Use the UTF-8 code page
Use UTF-8 character encoding for optimal compatibility between web apps and other *nix-based platforms (Unix, Linux, and variants), minimize localization bugs, and reduce testing overhead.
UTF-8 is the universal code page for internationalization and is able to encode the entire Unicode character set. It is used pervasively on the web, and is the default for *nix-based platforms.
An encoded character takes between 1 and 4 bytes. UTF-8 encoding supports longer byte sequences, up to 6 bytes, but the biggest code point of Unicode 6.0 (U+10FFFF) only takes 4 bytes.
-A vs. -W APIs
Win32 APIs often support both -A and -W variants.
-A variants recognize the ANSI code page configured on the system and support
char*, while -W variants operate in UTF-16 and support
Until recently, Windows has emphasized "Unicode" -W variants over -A APIs. However, recent releases have used the ANSI code page and -A APIs as a means to introduce UTF-8 support to apps. If the ANSI code page is configured for UTF-8, -A APIs operate in UTF-8. This model has the benefit of supporting existing code built with -A APIs without any code changes.
Set a process code page to UTF-8
As of Windows Version 1903 (May 2019 Update), you can use the ActiveCodePage property in the appxmanifest for packaged apps, or the fusion manifest for unpackaged apps, to force a process to use UTF-8 as the process code page.
You can declare this property and target/run on earlier Windows builds, but you must handle legacy code page detection and conversion as usual. With a minimum target version of Windows Version 1903, the process code page will always be UTF-8 so legacy code page detection and conversion can be avoided.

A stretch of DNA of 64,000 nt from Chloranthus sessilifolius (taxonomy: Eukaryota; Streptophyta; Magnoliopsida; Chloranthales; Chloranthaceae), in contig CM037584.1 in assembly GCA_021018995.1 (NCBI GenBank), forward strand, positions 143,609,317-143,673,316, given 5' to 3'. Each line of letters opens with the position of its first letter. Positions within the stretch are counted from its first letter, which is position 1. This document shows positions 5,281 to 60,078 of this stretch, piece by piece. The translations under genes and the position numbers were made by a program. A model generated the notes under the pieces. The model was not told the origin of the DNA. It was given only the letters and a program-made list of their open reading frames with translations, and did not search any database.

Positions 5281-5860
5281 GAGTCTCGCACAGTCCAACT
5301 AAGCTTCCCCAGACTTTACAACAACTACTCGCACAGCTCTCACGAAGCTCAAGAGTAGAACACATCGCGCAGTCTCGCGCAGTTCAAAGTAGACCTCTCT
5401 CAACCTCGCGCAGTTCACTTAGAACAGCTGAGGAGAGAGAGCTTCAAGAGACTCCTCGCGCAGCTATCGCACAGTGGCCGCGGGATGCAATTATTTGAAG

Appx manifest for a packaged app:
<?xml version="1.0" encoding="utf-8"?> <Package xmlns="http://schemas.microsoft.com/appx/manifest/foundation/windows10" ... xmlns:uap7="http://schemas.microsoft.com/appx/manifest/uap/windows10/7" xmlns:uap8="http://schemas.microsoft.com/appx/manifest/uap/windows10/8" ... IgnorableNamespaces="... uap7 uap8 ..."> <Applications> <Application ...> <uap7:Properties> <uap8:ActiveCodePage>UTF-8</uap8:ActiveCodePage> </uap7:Properties> </Application> </Applications> </Package>
Fusion manifest for an unpackaged Win32 app:
<?xml version="1.0" encoding="UTF-8" standalone="yes"?> <assembly manifestVersion="1.0" xmlns="urn:schemas-microsoft-com:asm.v1"> <assemblyIdentity type="win32" name="..." version="188.8.131.52"/> <application> <windowsSettings> <activeCodePage xmlns="http://schemas.microsoft.com/SMI/2019/WindowsSettings">UTF-8</activeCodePage> </windowsSettings> </application> </assembly>
Add a manifest to an existing executable from the command line with
mt.exe -manifest <MANIFEST> -outputresource:<EXE>;#1
Code page conversion
As Windows operates natively in UTF-16 (
WCHAR), you might need to convert UTF-8 data to UTF-16 (or vice versa) to interoperate with Windows APIs.
MultiByteToWideChar and WideCharToMultiByte let you convert between UTF-8 and UTF-16 (
WCHAR) (and other code pages). This is particularly useful when a legacy Win32 API might only understand
WCHAR. These functions allow you to convert UTF-8 input to
WCHAR to pass into a -W API and then convert any results back if necessary.
When using these functions with
CodePage set to
dwFlags of either
MB_ERR_INVALID_CHARS, otherwise an
CP_ACP equates to
CP_UTF8 only if running on Windows Version 1903 (May 2019 Update) or above and the ActiveCodePage property described above is set to UTF-8. Otherwise, it honors the legacy system code page. We recommend using